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The Cochrane Collaboration, which releases comprehensive reviews regarded as the gold standard in assessing public health policies, found water fluoridation may not prevent cavities.
In a review of every fluoridation study they could find, only three since 1975 looked at the effectiveness of water fluoridation at reducing tooth decay among the general population and had high enough quality to be included.
The studies found fluoridation does not reduce cavities to a statistically significant degree in permanent teeth.6 Further, in the two studies since 1975 that examined the effectiveness of fluoridation in reducing cavities in baby teeth, no significant reduction was noted there either. Study co-author Anne-Marie Glenny, a health science researcher at Manchester University in the United Kingdom, told Newsweek:
“From the review, we’re unable to determine whether water fluoridation has an impact on caries [cavity] levels in adults.” While they couldn’t prove that water fluoridation is beneficial, they did find that it causes harm. About 12 percent of those living in fluoridated areas had dental fluorosis that was an “aesthetic concern.”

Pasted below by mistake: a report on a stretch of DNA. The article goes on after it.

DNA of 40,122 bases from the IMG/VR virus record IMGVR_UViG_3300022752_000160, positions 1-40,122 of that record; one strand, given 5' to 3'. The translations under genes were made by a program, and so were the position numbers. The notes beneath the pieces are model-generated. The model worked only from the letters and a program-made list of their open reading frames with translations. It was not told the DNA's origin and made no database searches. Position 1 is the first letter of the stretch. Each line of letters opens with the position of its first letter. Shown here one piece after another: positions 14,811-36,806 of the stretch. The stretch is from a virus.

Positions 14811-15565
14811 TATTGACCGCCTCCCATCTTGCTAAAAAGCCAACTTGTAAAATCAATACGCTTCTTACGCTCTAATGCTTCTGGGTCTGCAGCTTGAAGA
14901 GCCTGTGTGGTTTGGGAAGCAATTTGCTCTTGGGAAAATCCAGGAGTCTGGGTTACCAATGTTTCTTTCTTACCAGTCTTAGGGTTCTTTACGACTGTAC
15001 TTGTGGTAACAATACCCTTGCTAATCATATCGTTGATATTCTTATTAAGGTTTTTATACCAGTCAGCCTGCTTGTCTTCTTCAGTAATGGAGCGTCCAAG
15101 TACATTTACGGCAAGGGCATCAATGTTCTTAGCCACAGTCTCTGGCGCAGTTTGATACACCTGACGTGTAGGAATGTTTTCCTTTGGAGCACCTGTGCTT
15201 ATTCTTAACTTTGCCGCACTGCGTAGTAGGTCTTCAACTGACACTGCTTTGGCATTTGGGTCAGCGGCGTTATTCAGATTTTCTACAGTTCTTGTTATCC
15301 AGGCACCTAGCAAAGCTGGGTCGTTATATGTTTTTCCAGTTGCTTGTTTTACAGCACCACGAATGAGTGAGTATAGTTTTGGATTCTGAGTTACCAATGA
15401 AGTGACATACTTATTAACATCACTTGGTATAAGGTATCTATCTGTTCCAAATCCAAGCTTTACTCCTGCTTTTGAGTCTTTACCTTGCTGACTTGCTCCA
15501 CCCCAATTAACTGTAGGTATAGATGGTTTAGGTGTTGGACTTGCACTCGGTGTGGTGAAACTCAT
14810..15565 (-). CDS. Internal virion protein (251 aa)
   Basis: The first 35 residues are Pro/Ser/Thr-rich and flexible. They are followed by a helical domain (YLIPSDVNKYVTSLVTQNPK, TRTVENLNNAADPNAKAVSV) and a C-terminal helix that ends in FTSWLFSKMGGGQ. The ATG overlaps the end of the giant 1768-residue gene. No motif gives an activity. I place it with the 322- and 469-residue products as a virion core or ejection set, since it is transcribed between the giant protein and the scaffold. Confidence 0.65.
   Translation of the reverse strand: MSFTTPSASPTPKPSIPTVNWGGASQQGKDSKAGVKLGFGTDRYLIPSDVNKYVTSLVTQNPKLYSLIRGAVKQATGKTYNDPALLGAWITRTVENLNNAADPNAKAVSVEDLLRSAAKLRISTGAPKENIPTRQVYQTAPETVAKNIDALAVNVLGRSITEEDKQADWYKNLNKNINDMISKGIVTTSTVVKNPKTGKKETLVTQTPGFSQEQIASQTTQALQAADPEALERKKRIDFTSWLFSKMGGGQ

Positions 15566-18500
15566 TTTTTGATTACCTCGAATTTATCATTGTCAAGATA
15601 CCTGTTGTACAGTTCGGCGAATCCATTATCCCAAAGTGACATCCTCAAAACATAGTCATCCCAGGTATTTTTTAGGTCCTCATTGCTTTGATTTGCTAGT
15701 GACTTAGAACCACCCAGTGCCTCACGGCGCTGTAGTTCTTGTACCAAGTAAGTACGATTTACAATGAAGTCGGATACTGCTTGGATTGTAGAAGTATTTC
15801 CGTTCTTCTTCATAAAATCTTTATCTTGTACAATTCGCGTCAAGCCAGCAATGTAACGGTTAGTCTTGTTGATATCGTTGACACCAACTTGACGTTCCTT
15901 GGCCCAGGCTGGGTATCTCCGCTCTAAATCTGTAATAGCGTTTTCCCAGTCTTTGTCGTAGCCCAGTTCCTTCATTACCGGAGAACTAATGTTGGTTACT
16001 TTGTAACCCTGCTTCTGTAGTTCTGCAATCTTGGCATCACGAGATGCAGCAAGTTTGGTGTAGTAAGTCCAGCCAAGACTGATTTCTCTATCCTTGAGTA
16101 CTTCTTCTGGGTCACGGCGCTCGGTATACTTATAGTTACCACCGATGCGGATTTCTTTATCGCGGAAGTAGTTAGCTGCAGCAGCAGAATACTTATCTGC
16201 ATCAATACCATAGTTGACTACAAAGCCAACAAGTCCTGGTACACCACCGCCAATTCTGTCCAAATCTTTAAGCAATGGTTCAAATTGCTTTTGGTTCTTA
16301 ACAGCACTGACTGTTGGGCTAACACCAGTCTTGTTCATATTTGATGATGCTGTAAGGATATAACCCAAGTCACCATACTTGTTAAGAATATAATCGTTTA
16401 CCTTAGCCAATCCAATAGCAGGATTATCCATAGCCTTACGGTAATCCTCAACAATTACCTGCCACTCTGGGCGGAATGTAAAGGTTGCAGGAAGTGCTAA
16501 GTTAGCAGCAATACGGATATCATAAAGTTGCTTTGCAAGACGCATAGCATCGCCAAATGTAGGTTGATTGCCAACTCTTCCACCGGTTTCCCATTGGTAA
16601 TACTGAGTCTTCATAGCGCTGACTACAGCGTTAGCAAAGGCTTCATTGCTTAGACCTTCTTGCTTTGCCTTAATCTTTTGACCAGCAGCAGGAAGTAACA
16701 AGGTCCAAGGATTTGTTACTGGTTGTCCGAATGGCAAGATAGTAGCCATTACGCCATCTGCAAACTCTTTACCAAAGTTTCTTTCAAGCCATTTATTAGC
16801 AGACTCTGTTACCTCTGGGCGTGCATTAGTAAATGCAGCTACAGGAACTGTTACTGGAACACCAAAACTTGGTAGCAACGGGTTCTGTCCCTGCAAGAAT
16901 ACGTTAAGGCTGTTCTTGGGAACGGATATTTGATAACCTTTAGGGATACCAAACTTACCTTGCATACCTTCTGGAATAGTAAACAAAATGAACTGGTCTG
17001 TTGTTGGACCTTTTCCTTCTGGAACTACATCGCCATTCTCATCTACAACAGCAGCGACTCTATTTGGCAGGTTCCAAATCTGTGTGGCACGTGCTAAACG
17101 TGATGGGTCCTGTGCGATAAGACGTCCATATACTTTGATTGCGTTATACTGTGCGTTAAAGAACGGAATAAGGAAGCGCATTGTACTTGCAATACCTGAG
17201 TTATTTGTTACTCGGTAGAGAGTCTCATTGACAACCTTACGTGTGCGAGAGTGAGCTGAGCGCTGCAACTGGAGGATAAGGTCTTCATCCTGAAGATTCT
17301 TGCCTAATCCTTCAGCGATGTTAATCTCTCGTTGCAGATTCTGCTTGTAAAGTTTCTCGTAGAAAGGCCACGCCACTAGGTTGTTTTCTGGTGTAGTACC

Dental fluorosis is a condition in which your tooth enamel becomes progressively discolored and mottled, and it’s one of the first signs of over-exposure to fluoride. Eventually, it can result in badly damaged teeth and, worse, it can also be an indication the rest of your body, such as your bones and internal organs, including your brain, have been overexposed to fluoride as well. It is not only an aesthetic concern.
a report from the world’s oldest and most prestigious medical journal, The Lancet, has officially classified fluoride as a neurotoxin — in the same category as arsenic, lead and mercury.
originally posted by: BiffWellington
It probably doesn't do much to prevent cavities when you drink ten times as much Mountain Dew as you do water, which seems to be common where I live.
But a groundbreaking study published in the journal Langmuir uncovered that the fluorapatite layer formed on your teeth from fluoride is a mere six nanometers thick. To understand just how thin this is, you'd need 10,000 of these layers to get the width of a strand of your hair!
Scientists now question whether this ultra-thin layer can actually protect your enamel and provide any discernible benefit, considering the fact that it is quickly eliminated by simple chewing.